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An Unbreakable Spirit by: Brittany Guy Standing

An Unbreakable Spirit by: Brittany Guy Standing

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Published by: brittanyjguy on Mar 17, 2010
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05/27/2010

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An Unbreakable SpiritBy: Brittany GuyStanding beside the man of my dreams in the perfect white gown withmy father reading our vows, I glance behind me to the crowd. I see anempty chair with a white rose on the front row. White is the color of remembrance. The empty chair is a reminder that someone significantenough for the front row was not there on the most important day of my life. Then, as the sun beamed down and reflected off the crystal blue waters of Lake Lure, I knew that she was there. She just didn’t take her seat. Thirteen years ago, on a typical Wednesday night, I jumped out of theDurango and ran across the parking lot towards the church doors. Before Imade it inside, I heard a piercing scream and turned to see my mother fall tothe pavement and begin to shake. I was only nine years old. I didn’tunderstand seizures, but I knew that something terrible had happened. Asmy aunt pulled me away, my father scrambled to recall the emergencynumber. Ambulances and first responders swarmed the church, and my auntand uncle rushed me and my sisters to the hospital. Mama was transportedto Wake Forest Baptist Hospital by helicopter.At that moment, everything in my world seemed to be crashing down.I remember wondering if my mama was going to survive and if my life wouldcontinue without her. As I sat with my sisters in the family waiting area, wetalked and played checkers. Different family members brought us food and
 
games because we spent all day at the hospital for a while. Surprisingly, Ihave happy memories of this time spent with my sisters. I can rememberhaving fun, playing with my grandmother, and walking downstairs to orderpizza from the pizzeria. Every evening, we would make the hour drive hometo Surry County to spend the night with my aunt and uncle. I used to hatethose drives. It was always dark, and no one really knew what to say. Myeyes would fixate on the shiny green sign that said “421-N Yadkinville. “In a few days, Mama was able to go home. She seemed fairly normalactually. We talked and laughed. She ate with us, and life seemed to beback in place. Then, as she began to receive radiation treatments, I couldtell that she was tired. Some days, she was Mama again, and on others, shewas barely conscious.I can still remember her tears when she began to lose her hair. Mymother had beautiful hair. It was full and blond, always styled, and fell justright. She was the perfect curvy, blond-haired, blue-eyed woman. However,as weeks passed, more and more of her beautiful blond locks came outleaving her bare skin showing on the left side of her head. She wasembarrassed and hurt. Looking back, I can only imagine how hard this musthave been for her. As a young woman, I cannot imagine losing my hair. Ittruly is a part of my identity. It broke my heart to see my mama cry.Mothers are not supposed to cry or be upset. They are supposed to hug andcomfort children when they are troubled.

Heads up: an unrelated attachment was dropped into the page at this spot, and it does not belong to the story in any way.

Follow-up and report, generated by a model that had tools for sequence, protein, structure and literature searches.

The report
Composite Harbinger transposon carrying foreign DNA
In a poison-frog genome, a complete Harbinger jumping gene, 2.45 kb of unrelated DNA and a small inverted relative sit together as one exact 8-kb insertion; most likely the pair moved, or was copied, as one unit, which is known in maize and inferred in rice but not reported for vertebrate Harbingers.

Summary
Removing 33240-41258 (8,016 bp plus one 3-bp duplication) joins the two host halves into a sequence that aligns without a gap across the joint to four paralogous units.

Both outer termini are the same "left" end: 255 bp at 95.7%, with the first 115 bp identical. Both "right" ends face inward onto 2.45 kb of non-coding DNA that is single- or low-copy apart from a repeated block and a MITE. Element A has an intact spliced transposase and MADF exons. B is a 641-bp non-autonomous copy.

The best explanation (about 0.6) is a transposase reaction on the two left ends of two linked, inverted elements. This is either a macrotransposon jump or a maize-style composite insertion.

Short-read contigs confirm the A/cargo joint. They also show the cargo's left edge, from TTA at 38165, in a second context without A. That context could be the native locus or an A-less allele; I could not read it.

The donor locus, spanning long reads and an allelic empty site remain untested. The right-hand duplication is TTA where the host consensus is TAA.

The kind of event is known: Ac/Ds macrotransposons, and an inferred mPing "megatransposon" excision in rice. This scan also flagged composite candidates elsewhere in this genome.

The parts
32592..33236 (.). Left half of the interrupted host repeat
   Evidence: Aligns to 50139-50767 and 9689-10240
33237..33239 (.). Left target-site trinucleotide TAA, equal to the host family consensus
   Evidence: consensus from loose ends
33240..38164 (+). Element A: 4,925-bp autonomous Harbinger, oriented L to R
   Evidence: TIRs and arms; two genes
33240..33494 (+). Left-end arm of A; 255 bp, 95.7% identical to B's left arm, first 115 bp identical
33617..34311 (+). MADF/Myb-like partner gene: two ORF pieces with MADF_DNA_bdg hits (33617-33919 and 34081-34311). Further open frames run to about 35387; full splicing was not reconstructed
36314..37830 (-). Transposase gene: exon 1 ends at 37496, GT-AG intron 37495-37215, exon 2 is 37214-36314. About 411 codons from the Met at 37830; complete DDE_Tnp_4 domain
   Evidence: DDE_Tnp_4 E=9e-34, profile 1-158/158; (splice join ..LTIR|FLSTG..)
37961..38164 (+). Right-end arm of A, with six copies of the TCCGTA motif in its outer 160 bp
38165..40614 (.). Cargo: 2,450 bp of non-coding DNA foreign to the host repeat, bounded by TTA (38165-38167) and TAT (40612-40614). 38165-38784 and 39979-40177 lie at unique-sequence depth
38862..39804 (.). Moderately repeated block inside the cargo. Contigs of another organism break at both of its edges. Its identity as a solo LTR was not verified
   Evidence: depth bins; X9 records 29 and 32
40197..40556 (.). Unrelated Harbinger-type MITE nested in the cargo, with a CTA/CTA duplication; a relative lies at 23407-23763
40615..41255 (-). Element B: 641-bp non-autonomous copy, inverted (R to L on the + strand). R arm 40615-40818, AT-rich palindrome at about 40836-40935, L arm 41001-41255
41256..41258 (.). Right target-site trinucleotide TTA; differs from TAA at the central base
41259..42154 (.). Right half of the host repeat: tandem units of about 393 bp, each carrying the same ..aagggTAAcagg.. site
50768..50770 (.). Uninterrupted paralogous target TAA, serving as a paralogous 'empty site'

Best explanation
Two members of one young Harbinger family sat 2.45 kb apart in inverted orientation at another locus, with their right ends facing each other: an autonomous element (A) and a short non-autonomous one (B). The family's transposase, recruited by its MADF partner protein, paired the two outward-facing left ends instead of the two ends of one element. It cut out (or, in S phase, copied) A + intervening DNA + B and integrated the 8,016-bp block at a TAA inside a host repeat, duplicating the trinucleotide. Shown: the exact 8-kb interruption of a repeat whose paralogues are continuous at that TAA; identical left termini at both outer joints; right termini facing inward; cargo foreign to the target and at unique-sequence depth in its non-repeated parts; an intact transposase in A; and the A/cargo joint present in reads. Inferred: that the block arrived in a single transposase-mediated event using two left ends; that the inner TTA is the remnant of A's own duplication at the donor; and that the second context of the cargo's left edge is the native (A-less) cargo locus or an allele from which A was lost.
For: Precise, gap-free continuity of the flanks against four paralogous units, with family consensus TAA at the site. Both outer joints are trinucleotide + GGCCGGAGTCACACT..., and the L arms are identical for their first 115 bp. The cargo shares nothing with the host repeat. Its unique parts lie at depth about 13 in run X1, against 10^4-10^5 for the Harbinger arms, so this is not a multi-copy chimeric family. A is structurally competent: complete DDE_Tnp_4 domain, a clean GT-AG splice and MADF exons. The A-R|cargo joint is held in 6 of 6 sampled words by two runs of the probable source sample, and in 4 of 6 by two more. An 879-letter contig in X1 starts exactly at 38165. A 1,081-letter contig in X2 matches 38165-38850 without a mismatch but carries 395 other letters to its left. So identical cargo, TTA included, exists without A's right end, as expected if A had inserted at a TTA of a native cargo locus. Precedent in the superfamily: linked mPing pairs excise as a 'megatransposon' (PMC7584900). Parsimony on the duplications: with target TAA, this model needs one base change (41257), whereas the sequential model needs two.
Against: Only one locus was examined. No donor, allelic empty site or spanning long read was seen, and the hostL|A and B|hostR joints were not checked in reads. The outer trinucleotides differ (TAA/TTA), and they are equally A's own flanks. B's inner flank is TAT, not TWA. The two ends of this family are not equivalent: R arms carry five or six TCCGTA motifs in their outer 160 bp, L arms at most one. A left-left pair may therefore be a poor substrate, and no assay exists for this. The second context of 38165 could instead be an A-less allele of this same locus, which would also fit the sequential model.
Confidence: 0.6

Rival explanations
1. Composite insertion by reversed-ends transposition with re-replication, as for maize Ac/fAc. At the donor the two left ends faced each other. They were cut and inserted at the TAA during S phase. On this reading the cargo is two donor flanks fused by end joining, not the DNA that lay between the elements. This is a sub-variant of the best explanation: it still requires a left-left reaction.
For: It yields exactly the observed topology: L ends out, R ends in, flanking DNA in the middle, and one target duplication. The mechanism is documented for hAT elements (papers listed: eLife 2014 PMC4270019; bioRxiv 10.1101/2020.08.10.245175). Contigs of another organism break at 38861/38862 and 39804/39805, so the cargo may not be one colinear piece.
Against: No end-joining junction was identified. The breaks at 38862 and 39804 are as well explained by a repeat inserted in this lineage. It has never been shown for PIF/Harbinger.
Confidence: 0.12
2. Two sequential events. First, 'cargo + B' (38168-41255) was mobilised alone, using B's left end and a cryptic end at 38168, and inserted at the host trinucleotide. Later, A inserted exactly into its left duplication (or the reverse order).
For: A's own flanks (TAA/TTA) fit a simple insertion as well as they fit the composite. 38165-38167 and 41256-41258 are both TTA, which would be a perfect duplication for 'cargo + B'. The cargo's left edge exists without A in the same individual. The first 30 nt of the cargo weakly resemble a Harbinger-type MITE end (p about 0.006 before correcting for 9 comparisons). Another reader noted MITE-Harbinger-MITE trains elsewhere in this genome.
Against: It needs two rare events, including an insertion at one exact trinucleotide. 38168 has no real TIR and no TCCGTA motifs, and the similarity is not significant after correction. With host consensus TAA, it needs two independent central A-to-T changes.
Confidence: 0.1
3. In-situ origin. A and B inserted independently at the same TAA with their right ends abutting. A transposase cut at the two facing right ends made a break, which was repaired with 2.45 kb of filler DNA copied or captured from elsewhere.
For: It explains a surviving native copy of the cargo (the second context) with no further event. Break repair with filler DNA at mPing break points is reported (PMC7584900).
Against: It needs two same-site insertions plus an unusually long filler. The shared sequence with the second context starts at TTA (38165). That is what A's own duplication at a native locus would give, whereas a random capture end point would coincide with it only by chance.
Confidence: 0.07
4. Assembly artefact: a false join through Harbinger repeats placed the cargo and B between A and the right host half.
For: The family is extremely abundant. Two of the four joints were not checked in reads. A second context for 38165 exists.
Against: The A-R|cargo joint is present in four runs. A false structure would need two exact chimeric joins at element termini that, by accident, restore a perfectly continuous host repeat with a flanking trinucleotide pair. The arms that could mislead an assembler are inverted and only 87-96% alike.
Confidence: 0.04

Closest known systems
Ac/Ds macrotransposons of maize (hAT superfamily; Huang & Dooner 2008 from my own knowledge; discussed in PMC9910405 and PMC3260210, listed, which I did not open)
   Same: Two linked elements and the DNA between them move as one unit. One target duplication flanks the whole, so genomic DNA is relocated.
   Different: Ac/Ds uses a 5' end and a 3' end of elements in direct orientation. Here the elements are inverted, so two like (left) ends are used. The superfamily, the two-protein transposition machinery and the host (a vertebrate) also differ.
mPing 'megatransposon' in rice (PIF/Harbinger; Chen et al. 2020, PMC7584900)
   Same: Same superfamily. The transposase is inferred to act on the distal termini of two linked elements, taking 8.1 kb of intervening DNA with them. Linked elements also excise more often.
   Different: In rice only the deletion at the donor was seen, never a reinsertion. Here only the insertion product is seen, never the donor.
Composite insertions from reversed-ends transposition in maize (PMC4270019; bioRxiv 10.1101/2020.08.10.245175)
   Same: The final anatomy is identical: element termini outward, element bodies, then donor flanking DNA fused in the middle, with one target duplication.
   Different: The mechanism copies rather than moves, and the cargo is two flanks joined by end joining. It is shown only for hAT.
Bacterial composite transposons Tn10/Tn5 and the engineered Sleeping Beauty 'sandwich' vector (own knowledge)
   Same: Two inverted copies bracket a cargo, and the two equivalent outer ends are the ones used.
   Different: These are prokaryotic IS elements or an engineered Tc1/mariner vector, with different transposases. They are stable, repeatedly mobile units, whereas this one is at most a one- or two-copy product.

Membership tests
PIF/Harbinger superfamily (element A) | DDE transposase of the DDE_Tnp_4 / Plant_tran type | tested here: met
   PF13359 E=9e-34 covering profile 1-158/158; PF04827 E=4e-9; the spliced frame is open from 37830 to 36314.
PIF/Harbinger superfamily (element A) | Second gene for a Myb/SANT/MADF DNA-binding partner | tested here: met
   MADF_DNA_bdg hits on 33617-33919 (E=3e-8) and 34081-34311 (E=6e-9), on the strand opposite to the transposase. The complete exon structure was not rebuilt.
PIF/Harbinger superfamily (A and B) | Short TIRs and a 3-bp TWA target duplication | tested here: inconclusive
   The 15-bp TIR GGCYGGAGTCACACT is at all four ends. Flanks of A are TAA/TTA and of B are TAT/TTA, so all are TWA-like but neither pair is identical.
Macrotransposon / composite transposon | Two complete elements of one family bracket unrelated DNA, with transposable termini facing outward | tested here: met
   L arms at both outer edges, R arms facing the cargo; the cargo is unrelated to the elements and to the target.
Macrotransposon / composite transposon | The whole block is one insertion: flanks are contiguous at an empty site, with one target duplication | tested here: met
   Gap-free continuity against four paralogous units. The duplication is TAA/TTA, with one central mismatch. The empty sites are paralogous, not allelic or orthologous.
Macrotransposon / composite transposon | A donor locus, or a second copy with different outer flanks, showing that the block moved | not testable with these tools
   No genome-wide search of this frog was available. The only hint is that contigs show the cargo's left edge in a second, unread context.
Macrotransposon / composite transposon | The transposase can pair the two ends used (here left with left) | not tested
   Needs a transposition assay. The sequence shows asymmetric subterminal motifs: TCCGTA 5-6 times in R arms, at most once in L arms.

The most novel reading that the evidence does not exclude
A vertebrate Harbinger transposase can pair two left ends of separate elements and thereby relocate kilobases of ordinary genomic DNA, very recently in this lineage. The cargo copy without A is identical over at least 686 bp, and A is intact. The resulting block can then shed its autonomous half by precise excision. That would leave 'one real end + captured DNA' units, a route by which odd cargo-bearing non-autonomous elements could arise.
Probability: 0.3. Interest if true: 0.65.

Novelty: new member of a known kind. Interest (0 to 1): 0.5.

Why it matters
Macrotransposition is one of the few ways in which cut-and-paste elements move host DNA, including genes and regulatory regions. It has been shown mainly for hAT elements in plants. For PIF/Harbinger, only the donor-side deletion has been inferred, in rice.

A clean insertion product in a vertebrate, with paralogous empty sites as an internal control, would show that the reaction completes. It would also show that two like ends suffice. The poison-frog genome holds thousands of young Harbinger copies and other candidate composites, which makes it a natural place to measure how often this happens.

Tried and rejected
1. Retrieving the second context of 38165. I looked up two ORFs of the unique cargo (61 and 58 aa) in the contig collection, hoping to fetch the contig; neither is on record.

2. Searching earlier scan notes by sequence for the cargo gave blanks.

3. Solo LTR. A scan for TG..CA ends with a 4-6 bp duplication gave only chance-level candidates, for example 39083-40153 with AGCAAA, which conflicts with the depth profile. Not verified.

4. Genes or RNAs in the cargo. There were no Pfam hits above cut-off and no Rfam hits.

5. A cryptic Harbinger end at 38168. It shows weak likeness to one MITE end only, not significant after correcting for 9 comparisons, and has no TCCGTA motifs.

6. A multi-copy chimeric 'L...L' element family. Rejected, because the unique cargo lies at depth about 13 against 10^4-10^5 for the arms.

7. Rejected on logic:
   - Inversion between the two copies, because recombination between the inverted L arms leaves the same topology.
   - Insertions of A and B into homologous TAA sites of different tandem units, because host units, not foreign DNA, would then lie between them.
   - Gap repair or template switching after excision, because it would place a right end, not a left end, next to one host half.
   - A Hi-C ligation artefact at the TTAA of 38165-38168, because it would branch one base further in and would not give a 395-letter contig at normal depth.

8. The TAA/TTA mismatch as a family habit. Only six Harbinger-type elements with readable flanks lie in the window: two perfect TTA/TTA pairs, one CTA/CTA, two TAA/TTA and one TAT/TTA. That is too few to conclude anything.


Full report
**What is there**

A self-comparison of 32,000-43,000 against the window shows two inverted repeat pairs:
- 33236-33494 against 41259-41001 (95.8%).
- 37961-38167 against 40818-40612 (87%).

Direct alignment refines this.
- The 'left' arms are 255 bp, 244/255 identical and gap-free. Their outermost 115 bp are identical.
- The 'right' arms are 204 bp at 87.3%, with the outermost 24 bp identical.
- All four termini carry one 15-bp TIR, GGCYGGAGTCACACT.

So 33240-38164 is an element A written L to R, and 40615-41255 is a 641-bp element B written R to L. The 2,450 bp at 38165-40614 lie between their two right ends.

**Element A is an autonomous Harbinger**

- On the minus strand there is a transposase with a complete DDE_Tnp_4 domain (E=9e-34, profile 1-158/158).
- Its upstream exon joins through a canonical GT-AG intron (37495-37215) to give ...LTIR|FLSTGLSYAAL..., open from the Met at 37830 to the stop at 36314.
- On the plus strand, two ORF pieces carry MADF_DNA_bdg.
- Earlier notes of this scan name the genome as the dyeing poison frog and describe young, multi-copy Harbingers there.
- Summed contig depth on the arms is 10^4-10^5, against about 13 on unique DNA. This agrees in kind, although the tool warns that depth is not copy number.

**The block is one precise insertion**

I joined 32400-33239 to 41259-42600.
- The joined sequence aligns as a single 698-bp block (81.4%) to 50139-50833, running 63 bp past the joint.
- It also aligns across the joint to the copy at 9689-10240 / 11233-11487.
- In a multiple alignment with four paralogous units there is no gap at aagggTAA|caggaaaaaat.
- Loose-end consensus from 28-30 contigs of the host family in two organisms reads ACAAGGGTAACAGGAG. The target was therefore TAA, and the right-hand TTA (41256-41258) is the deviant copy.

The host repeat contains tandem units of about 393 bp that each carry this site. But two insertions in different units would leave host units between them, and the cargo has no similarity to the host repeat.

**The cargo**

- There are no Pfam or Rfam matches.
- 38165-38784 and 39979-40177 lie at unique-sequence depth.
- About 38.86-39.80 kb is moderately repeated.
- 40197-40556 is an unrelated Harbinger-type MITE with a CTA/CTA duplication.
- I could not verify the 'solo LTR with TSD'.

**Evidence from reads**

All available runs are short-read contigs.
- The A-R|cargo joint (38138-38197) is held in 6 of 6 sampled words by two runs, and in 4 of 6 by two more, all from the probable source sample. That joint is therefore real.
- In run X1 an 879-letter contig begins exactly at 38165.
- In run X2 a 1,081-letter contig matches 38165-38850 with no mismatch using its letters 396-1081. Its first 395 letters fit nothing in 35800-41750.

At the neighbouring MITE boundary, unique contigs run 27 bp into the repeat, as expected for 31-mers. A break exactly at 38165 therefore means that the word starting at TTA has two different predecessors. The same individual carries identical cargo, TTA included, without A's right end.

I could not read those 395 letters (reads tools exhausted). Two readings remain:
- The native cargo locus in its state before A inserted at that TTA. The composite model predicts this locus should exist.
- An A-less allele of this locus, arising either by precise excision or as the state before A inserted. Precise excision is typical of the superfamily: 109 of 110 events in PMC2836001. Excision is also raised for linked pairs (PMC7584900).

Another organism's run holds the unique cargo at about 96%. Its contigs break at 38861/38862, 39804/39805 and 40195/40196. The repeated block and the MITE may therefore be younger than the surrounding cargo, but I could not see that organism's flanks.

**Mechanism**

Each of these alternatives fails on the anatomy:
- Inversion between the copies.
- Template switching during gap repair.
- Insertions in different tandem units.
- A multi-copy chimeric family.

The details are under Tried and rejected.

Once she decided that she was not going to hide out from the world,she had a special wig made that closely resembled her old hair. She gotready in the mornings and lived her life as normally as possible. Mama wasa strong woman, who faced life’s toughest battles with very few breakdowns.I would have been crying every night, begging God for an answer to all myquestions. I would have been angry that I was chosen to carry this burden,but Mama stood up in church and thanked God for giving her the strength tofight this battle. I knew then that I was sure not like my mother.As months passed, life settled and became similar to the life we allknew. Heather and I played sports at school, and Mama came to everygame. She usually got a little upset with the referees when she thought theywere being unfair. In softball, she coached 1
st
base and told the girls when tostop or keep running. I was so happy that the beautiful, blond lady who mayhave looked a little different was still my mama. The doctors told her thatthe radiation treatment was successful and the tumor was vanished. Iremember being so thankful that God had given Mama back to me. It wouldnot have been fair for a little child to lose her mother.Now years passed by before my eyes. I had moved to Central MiddleSchool. I made the school teams in volleyball, basketball, and softball. Mylittle sister was still in elementary school, while Heather was in high school.My oldest sister, Sharia, was finishing her teaching degree and alreadymarried. Our family had definitely changed, but the changes were the

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